Good Morning! While you slept, work continued elsewhere on the digital scene.
The main topics:
Tesla intends to split its shares so that it can pay shareholders a stock dividend. This is clear from a report that the American manufacturer of electric cars has presented to the country’s stock market regulator. The division of shares will be voted on at the annual general meeting. A stock dividend is a dividend paid to shareholders in the form of additional shares rather than cash. These dividends do not affect the value of a company, but dilute the price of its shares.
Shares of Tesla rose more than six percent to around $1,075 after the news. The company last split its shares in August 2020. Since that 5-to-1 split took effect, shares have more than doubled. The news follows a stock market “roller coaster”: Tesla shares have lost some of their value this year. At the close of trading on Friday, the loss for 2022 was 4.4 percent. However, the shares are up 49.8 percent in 2021 and as much as 743.4 percent in 2020. [Mehr bei CNBC]
In the founding scene listen from today Joan Baar and Anne Lamp. The two founders search with their startup traceless materials for an alternative to plastic. They were showered with awards from the start, but that also created a lot of pressure. In the podcast they tell us how they deal with it. [Mehr bei Gründerszene]
And here are the other headlines of the night:
Apple stabs Netflix from: At the 94th Academy Awards, Apple’s film “Coda” about the son of deaf parents took home the coveted award. “Coda” beat out Netlix’s “The Power of the Dog,” a Western directed by Jane Campion, which had previously been considered a likely winner. This makes Apple the first streaming service, ahead of Netflix, to receive the coveted award. The Oscar is also a big win for Apple because the company only launched its streaming service in 2019. [Mehr bei Los Angeles Times]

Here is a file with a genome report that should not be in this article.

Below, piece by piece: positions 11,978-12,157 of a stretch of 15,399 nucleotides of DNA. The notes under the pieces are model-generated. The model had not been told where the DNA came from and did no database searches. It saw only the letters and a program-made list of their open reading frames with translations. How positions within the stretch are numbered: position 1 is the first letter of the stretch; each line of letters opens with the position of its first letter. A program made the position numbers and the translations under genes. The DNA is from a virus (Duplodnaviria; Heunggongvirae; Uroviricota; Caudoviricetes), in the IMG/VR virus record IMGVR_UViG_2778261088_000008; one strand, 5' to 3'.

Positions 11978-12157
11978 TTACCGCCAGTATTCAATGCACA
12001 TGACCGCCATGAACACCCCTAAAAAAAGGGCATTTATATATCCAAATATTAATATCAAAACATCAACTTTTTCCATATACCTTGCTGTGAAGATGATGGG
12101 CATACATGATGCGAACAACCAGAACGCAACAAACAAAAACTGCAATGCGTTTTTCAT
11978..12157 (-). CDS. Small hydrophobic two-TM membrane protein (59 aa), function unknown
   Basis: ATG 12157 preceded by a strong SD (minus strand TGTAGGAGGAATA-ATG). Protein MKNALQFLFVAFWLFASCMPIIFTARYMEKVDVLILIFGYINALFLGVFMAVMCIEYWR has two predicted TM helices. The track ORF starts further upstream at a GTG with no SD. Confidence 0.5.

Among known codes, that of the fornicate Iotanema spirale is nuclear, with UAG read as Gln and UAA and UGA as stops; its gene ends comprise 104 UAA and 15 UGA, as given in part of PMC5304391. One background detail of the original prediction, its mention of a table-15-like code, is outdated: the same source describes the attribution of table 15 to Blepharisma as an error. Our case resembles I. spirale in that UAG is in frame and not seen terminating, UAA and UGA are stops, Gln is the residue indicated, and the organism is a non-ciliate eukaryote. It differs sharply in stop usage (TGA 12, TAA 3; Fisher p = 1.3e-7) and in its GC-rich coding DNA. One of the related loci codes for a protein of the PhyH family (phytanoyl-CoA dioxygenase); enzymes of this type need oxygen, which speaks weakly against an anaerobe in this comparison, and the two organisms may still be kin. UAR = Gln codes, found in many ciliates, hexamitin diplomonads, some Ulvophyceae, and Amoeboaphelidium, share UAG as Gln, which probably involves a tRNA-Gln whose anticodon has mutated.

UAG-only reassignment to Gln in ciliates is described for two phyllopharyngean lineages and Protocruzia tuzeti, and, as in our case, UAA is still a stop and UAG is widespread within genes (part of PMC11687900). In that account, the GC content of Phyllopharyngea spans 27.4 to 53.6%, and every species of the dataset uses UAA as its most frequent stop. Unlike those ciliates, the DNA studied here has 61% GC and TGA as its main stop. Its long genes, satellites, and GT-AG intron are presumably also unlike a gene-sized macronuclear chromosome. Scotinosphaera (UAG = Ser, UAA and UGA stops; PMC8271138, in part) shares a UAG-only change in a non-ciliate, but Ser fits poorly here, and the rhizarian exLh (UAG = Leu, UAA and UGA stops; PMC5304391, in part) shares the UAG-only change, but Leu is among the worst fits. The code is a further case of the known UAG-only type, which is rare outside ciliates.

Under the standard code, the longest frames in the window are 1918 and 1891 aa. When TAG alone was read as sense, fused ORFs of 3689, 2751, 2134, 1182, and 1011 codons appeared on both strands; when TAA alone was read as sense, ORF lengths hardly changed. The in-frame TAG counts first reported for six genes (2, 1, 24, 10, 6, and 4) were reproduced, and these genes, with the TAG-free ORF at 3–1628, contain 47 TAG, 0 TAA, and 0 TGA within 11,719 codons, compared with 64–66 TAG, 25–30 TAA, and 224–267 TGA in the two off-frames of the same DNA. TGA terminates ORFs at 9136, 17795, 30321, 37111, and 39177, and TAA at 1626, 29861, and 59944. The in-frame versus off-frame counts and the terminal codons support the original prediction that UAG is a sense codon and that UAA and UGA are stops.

moon fee receives another injection of cash to expand its business model. The German fintech receives US$35 million from the London-based investment firm Vitruvian Partners. Moonfare, which plans to open an office in Singapore soon, is a private equity platform that offers private investors digital access to private equity funds, venture capital funds, and infrastructure funds. [Mehr bei Handelsblatt]
half pension takes over headphone producer polytechnic school. The PC and printer manufacturer spends US$1.7 billion on this. With the agreement, the American company continues to focus on the concept of hybrid work, that is, a mixture of office and home office. The deal, which comes some two years after Xerox’s takeover bid was rejected, shows how positively HP’s business has developed during the pandemic. The acquisition is also the largest such deal since what was once Hewlett-Packard was split into HP and Hewlett Packard Enterprise in 2015. [Mehr bei Wall Street Journal und The Information]
Apple plans to reduce production of some of its most popular products due to macroeconomic factors. According to a Nikkei Asia report, these factors include the war in Ukraine and rising inflation. Both would affect demand, he said. The move is an early sign of how international brands are adapting to the global slowdown in consumer spending. Apple plans to cut production of the new version of its cheaper iPhone SE by as much as three million units in the current quarter. Also, significantly fewer Airpods will be produced. [Mehr bei Nikkei Asia]
huawei has seen its annual sales drop 29 percent after US government sanctions dealt a heavy blow to the Chinese company’s once-thriving smartphone business. In 2019, the US government blocked Huawei’s access to US technology, including Google chips and other critical components and software. Huawei, which was the world’s second-biggest smartphone maker after Samsung in 2019, dropped out of the top 5 last year, according to research firm IDC. [Mehr bei The Information]
Our reading tip for Gründerszene: The Hamburg Twins Alessio and Ricardo Bruni have your company heroes founded in the summer of 2020. Now it came to light: the buyer of the German-British store was threatened by an investor for a strange reason. [Mehr bei Gründerszene]
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